SAN FRANCISCO (CN) – Vintage gaming company Atari has settled a lawsuit accusing Swiss foods giant Nestle of using one of its classic video games to sell Kit Kat bars to nostalgic gamers without permission.
Atari sued Nestle in August last year for featuring its 1975 game “Breakout” in video and social media ads targeting “nostalgic Baby Boomers, Generation X, and even today’s millennial and post-millennial gamers.”
“Breakout,” a follow-up to Atari’s hit game “Pong,” was created by “two little known but up-and-coming developers,” Steve Jobs and Steve Wozniac, who went on to co-found Apple.
On Wednesday, U.S. District Judge Yvonne Gonzalez Rogers approved Atari’s request to voluntarily dismiss the case with prejudice.
Both parties reached a settlement during a conference in Magistrate Judge Sallie Kim’s courtroom on Dec. 12, 2017, according to court records. The terms of the agreement are confidential.
Atari had accused the Swiss foods giant of copyright and trademark infringement and dilution, false designation of origin and unfair competition.
The video ad produced by Nestle shows a diverse group of people playing what looks like “Breakout,” but instead of breaking bricks, a tiny spherical graphic smashes into Kit Kat bars. The name of the ad, featured on the video-hosting website Vimeo, is “Kit Kat: Breakout.”
“The use of the term ‘Breakout’ – one word – in this context is the plainest invasion and infringement of Atari’s trademark rights,” Atari’s 39-page complaint stated.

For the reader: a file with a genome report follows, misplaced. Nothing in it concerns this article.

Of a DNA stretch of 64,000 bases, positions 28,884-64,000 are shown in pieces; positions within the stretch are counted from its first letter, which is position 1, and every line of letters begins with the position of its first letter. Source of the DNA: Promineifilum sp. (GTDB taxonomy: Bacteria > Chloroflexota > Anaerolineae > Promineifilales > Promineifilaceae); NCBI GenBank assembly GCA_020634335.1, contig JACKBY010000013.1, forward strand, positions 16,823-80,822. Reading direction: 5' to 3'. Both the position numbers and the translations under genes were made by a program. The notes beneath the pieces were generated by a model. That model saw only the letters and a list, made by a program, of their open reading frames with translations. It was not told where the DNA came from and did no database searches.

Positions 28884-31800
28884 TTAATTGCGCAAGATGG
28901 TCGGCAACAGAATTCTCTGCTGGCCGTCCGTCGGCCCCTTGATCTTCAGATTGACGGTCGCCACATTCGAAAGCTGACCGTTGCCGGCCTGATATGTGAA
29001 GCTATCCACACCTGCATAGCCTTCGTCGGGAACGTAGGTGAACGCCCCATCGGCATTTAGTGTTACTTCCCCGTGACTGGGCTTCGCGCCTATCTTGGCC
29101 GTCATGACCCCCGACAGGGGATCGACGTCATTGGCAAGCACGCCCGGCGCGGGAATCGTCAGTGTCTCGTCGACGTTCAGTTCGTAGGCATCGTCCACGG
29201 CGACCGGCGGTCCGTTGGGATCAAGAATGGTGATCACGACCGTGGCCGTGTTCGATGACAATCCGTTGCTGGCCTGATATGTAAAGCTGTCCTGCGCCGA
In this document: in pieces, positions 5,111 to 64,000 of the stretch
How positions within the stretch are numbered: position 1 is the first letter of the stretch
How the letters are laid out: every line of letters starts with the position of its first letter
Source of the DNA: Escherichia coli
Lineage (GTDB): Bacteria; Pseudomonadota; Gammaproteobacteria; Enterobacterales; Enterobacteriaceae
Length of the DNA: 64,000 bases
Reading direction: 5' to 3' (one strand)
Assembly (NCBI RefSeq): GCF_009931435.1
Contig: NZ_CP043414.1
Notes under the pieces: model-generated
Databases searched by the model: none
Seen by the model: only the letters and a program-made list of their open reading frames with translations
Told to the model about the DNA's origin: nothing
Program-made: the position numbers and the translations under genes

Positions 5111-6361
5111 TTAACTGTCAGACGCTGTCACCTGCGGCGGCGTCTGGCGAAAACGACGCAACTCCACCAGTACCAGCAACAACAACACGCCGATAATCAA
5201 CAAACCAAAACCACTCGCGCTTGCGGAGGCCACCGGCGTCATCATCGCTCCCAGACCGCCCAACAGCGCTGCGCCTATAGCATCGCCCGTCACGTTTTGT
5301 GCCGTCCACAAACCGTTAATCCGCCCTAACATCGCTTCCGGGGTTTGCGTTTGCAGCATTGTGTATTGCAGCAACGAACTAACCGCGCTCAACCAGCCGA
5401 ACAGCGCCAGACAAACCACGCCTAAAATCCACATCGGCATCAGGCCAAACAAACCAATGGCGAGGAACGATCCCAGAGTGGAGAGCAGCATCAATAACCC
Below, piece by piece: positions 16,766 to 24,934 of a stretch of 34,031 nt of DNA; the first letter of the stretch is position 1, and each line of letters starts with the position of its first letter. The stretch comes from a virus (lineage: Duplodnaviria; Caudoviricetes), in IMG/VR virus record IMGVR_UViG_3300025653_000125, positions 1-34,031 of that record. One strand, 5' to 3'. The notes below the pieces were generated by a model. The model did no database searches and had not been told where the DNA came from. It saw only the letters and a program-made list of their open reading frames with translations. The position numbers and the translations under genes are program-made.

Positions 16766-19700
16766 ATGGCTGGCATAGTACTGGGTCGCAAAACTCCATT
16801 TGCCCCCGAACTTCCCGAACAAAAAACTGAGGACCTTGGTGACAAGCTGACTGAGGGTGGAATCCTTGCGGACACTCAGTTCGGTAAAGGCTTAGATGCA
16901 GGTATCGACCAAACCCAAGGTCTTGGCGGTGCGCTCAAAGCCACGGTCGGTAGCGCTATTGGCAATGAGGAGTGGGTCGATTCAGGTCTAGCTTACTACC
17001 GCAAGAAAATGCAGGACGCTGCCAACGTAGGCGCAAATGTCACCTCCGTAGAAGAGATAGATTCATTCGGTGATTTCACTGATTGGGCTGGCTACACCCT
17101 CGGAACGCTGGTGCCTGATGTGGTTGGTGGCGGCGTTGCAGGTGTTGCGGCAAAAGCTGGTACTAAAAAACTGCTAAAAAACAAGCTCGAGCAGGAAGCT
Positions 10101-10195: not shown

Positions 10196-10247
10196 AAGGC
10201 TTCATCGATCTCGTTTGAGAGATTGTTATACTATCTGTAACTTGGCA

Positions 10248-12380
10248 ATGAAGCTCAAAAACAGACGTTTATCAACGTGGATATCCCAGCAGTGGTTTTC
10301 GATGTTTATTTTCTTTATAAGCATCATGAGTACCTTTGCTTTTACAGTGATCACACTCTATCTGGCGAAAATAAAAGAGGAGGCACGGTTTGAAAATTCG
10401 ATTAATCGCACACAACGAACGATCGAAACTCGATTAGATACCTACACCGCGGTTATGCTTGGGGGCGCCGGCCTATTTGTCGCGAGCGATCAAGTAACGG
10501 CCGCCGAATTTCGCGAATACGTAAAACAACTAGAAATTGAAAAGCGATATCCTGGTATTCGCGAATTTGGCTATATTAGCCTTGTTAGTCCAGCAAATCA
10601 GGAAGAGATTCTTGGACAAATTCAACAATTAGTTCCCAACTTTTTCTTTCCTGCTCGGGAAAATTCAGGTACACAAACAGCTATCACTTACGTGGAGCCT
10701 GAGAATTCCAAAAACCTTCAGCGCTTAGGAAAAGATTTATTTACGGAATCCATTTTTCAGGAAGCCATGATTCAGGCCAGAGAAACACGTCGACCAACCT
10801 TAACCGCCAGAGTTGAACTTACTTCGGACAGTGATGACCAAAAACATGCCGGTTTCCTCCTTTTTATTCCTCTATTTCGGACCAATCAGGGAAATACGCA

Atari said it first discovered the ad campaign in October 2016 and promptly sent a cease-and-desist letter.
Nestle had argued the legal spat belonged in a British court because the ad campaign was launched in the United Kingdom.
Atari was seeking treble and punitive damages, along with a permanent injunction barring Nestle from using “Breakout” in its marketing and advertising.
Attorneys for both sides did not immediately return emails and phone calls seeking comment Wednesday afternoon.
Atari is represented by Keith Wesley of Brown George Ross in Los Angeles. Nestle is represented by A. John P. Mancini of Mayer Brown in New York.
Last week, Nestle announced it would sell its U.S. candy business to Ferrero SpA, an Italy-based company that makes Nutella, for $2.8 billion.
Nestle will continue to sell Kit Kat globally, except for in the U.S., where Hershey Co. owns the rights, according to Bloomberg.
“Nestlé remains fully committed to growing its leading international confectionery activities around the world, particularly its global brand KitKat,” the company said in its Jan. 16 announcement.
Valued at $229.5 billion as of May 2017, Switzerland-based Nestle is the world’s largest food and beverage company, with annual revenue of $90.8 billion, according to Forbes.